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Jpn Circ J. 2001 Mar;65(3):213-8.

Postischemic reperfusion injury can be attenuated by oxygen tension control.

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  • 1Department of Cardiovascular Surgery, Kinki University School of Medicine, Osaka-Sayama, Osaka, Japan.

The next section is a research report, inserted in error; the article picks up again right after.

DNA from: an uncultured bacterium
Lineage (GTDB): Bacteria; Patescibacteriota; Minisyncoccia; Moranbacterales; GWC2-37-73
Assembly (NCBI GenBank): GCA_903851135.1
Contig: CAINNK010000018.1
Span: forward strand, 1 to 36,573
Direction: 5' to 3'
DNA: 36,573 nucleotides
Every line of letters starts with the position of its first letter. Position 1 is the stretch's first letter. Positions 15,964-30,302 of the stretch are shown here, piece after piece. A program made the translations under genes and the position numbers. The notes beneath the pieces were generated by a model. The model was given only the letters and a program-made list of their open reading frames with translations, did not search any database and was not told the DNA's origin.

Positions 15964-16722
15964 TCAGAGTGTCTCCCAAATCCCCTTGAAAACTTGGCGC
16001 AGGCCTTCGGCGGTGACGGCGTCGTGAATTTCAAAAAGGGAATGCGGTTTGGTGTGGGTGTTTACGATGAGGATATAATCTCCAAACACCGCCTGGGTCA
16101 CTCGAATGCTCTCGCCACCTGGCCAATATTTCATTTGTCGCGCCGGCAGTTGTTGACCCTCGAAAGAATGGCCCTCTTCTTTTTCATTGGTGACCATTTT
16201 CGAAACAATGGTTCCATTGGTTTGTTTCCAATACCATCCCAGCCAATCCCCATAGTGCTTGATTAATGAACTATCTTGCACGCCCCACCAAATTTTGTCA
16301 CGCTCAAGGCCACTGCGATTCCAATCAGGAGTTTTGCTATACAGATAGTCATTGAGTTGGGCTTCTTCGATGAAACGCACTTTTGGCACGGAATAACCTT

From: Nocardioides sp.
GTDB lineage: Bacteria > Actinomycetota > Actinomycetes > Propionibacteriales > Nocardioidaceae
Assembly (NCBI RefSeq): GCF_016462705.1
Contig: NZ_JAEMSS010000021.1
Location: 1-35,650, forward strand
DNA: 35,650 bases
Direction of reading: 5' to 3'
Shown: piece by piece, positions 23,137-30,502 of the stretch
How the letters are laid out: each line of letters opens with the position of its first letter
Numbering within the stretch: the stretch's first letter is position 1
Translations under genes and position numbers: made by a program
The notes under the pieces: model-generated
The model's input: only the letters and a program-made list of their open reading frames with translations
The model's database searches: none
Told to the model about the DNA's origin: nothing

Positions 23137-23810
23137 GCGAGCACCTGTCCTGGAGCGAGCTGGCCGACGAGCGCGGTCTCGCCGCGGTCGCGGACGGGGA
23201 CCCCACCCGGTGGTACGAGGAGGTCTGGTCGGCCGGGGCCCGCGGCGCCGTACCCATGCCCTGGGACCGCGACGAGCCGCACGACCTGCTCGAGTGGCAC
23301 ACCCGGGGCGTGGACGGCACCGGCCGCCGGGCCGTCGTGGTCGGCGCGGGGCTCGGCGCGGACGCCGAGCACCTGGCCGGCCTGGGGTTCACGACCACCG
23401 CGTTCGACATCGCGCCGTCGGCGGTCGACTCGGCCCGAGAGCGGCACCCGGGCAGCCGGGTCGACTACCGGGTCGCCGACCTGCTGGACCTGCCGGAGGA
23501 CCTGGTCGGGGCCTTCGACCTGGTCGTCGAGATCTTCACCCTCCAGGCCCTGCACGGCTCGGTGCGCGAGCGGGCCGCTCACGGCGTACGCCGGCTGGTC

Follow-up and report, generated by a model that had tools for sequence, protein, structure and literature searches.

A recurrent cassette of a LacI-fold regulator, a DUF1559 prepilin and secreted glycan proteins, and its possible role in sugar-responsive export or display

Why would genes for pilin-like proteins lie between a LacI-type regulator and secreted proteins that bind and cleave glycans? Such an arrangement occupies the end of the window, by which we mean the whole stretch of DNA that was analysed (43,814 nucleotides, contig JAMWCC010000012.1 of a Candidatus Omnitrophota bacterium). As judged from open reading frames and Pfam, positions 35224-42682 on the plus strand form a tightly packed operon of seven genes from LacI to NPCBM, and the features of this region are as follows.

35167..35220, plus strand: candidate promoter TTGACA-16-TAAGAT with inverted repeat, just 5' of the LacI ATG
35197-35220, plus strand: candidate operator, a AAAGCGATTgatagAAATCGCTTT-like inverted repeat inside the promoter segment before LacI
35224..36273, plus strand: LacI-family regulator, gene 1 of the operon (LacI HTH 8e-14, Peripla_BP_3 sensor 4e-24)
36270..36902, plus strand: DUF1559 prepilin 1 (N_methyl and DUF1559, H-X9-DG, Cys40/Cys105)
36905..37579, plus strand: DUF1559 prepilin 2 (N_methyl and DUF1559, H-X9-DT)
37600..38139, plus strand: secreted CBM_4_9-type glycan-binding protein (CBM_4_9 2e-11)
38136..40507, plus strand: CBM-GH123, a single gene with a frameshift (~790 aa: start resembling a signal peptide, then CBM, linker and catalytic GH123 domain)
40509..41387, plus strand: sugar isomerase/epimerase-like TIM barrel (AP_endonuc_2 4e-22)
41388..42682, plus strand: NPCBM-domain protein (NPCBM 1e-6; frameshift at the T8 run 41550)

Oxygen-derived free radicals cause cytotoxic damage during reperfusion after a period of ischemia and the production of these free radicals may be proportionate to oxygen tension (PO2). The present study tested the hypothesis that oxidative damage may be limited by maintaining a more physiologic PO2 following ischemia. An experimental study in Wistar rats were mounted on a Langendorff apparatus was conducted to estimate baseline aortic flow (AF), coronary flow (CF), cardiac output (CO), systolic pressure (SP), heart rate (HR), and the rate-pressure product (RPP: HRxSP). The hearts were divided into 3 groups (n=7, hearts/group): group 1, hypoxic (PO2=300+/-50 mmHg) reperfusion; group 2, middleoxic (PO2=500+/-50 mmHg) reperfusion; and group 3, hyperoxic (PO2=700+/-50 mmHg) reperfusion. Following 30 min of warm ischemia, hearts in all groups were reperfused at each oxygen pressure. The recovery of cardiac function of each heart was measured at the end of reperfusion. Concentrations of lactate (LAC), lactate dehydrogenase (LDH), and creatine kinase (CK) in the coronary perfusate during reperfusion were measured. The recovery rate of CO, SP, and RPP in group 2 were all significantly better than in the other 2 groups. CK leakage in group 2 was significantly lower than in group 3. A clinical study was also conducted during elective coronary artery bypass grafts in 16 consecutive patients who underwent either hyperoxic (n=8, PO2=450-550 mmHg) or more physiologic (n=8, PO2=200-250 mmHg) cardiopulmonary bypass after aortic unclamping. The clinical study assessed CK-MB, LDH, LAC, and malondialdehyde (MDA) in patient blood prior to starting the surgical procedure and at 30 min and 3, 9, and 21 h after unclamping. Cardiac index (CI), central venous pressure, pulmonary capillary wedge pressure, systolic arterial pressure, and the dose of cathecholamines were also measured. Although no significant differences were present in the dose of cathecholamines, the CI in the more physiologic oxygen tension group was significantly higher than in the hyperoxic group at 3 and 6 h after unclamping. The levels of MDA in the more physiologic PO2 group was significantly lower at 30 min after aortic unclamping than in the hyperoxic group. The present results suggest that in the experimental as well as in the clinical study, high PO2 leads to myocardial reperfusion damage; however, maintaining a more physiologic PO2 during reperfusion following ischemia may attenuate reperfusion injury.

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